At my private Christian university, the big theological debate on campus was Calvinism versus Arminianism. (We can leave that super fun discussion for another day, but in the meantime, here’s a handy chart of the differences.) At first, I tried to stay out of the fray — somewhere in the middle between 2-3 of the 5 points — but an experience with God after a scary car accident pushed me into full-on Calvinism and I embraced the role with gusto. I read a lot of John Piper. I debated free-will. I talked about the book of Romans a lot. In short, I was kind of annoying.
In the intervening years, my stance toward Calvinism has shifted. I’m less sure about a great many things than I was in my college days. But the foundations of my faith have not been shaken, thanks, in large measure, to my time as a Calvinist. Contrary to TV images of intractable Puritans, Calvinism made me more, not less, open-minded about the non-essential elements of Christian belief (see what I think of as the essentials here). Here are three reasons why:
Calvinism taught me to question received beliefs.
My exploration with Calvinist thinking marked the first time I really challenged some of the ideas about God and humanity that I had grown up with. All my life I’d heard people say things like, “Free-will is the only thing that separates humans from the animals,” and “God is a gentleman — He knocks on your heart’s door and won’t come in until you invite Him.” Both of these statements are probably rooted in some truth, but it was important for me to question them because it helped me to understand the assumptions and interpretations those statements were built on and to think critically about those assumptions and interpretations. Such questioning and critical thinking has proven essential to my growth as a Christian.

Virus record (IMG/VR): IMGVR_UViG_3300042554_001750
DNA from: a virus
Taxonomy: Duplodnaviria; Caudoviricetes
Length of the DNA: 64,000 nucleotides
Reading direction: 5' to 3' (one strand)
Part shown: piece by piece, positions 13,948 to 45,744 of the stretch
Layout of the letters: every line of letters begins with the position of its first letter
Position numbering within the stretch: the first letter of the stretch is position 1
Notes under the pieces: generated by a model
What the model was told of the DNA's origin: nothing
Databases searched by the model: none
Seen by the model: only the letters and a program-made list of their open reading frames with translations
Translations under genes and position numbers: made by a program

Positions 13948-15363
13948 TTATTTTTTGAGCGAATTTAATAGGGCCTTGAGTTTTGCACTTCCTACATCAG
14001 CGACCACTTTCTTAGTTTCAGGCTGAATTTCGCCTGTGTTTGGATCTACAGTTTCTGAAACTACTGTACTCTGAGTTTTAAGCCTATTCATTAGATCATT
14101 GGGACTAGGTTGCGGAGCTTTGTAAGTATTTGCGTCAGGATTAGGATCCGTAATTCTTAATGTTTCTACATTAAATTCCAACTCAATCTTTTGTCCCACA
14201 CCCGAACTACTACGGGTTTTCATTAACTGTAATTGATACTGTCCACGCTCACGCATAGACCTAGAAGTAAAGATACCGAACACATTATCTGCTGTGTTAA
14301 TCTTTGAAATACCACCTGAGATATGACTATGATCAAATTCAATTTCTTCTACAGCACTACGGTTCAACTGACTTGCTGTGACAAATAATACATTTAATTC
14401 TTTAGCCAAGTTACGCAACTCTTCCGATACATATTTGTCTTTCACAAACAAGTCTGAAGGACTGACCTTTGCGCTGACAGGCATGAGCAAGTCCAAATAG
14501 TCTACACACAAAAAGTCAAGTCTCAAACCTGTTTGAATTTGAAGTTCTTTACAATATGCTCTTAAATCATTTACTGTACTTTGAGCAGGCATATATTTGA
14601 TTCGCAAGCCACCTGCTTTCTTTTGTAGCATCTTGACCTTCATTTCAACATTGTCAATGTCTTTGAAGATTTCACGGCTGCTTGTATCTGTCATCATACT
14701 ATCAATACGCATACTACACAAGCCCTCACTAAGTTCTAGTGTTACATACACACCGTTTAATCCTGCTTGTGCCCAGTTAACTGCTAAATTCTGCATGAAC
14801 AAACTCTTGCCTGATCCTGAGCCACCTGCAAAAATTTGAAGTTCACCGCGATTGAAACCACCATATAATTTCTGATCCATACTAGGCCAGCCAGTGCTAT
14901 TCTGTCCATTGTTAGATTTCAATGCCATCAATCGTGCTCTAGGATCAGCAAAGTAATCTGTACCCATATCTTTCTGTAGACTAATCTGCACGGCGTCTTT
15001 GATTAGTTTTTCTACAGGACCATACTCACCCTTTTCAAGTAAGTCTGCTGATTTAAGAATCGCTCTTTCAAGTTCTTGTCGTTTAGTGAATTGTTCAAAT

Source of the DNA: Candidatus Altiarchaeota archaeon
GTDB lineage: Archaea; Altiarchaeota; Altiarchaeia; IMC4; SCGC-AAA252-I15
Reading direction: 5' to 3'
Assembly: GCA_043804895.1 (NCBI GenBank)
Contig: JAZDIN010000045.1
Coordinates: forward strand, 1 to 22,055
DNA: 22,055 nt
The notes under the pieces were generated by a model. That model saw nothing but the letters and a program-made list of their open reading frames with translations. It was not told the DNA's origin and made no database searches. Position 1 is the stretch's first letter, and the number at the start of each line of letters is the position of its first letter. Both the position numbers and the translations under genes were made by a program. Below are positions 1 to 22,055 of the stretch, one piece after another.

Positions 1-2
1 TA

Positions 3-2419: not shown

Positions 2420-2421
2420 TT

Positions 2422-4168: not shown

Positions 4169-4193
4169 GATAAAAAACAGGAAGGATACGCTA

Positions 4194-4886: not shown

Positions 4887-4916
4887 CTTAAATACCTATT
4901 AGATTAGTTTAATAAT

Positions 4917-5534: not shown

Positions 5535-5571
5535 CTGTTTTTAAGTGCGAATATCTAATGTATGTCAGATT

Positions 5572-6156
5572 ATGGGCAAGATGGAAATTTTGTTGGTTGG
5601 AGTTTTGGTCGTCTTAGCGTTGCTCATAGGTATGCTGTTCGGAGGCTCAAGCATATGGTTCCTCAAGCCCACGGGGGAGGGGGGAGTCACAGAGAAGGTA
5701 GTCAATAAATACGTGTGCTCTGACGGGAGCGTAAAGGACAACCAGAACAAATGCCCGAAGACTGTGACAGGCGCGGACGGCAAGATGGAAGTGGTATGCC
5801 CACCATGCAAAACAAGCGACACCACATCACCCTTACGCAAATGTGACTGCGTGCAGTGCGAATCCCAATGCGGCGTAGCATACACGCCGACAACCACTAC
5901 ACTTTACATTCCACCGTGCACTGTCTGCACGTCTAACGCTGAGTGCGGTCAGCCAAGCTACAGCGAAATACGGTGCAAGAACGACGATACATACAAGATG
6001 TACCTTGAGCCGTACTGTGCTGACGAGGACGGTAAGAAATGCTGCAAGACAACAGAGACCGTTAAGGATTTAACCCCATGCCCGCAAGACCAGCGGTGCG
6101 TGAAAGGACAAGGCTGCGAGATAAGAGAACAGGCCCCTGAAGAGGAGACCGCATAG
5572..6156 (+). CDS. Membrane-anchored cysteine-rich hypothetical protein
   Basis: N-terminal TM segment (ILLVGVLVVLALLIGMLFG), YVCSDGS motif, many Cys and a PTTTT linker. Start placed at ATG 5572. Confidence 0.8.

Calvinism taught me to trust God with the unknowns.
In a nutshell, Calvinism teaches that God, in total sovereignty, knows and chooses those who will believe in Him. Their belief in Him is impossible without this knowledge and choice on God’s part. In order to embrace this teaching, I had to make peace with the terrible idea that some people are simply not chosen. I had to believe that somehow, beyond my understanding, God had a perfect plan for the world and all the people in it. I had to trust God to know better than I did. Today, some of my beliefs about salvation and free-will and eternal destiny have altered. For me, the old adage has proven true: the more I’ve learned, the more I’ve realized I have yet to learn — and there is so much I still do not understand about these complicated matters. This lack of understanding has not wrecked my faith, however. As much as my views toward predestination may have changed, my views toward God’s sovereignty have not. Because I believe God is sovereign, I can have peace with mystery, believing that God alone understands that which I cannot.
Calvinism taught me to appreciate and display grace
Grace — God’s freely given, undeserved gift of forgiveness and redemption — is a central teaching of Calvinism. My mind may have changed in recent years about some of Calvinism’s finer points, but I am still sure that grace is a free gift, totally independent of what we “deserve.” Importantly, I don’t get to decide who deserves grace. God has shown me much grace; therefore, I am to show much grace to others. While some may imagine Calvinists as closed-off curmudgeons who take it upon themselves to sort their world into “sheep” and “goats,” most Calvinists I knew were not like that. Most Calvinists I knew tried to treat everyone with love and respect as part of an outpouring of God’s grace. And that teaching has made me open my arms and my mind to more people and more ideas than I would have believed possible prior to my Calvinist days.
These days, I don’t wear the Calvinist label — or many labels — well. I’ve learned to hold non-essential doctrines with a loose grip. And in many ways, I owe that sense of exploration and open-mindedness to my days as a Calvinist, when I learned that if God is sovereign and God is gracious, then I can seek, question, and love without fear.
See also: HISTORY AND SYMPATHY: HOW HITLER HELPED ONE MAN UNDERSTAND THE PURITANS and I SAID “YES!”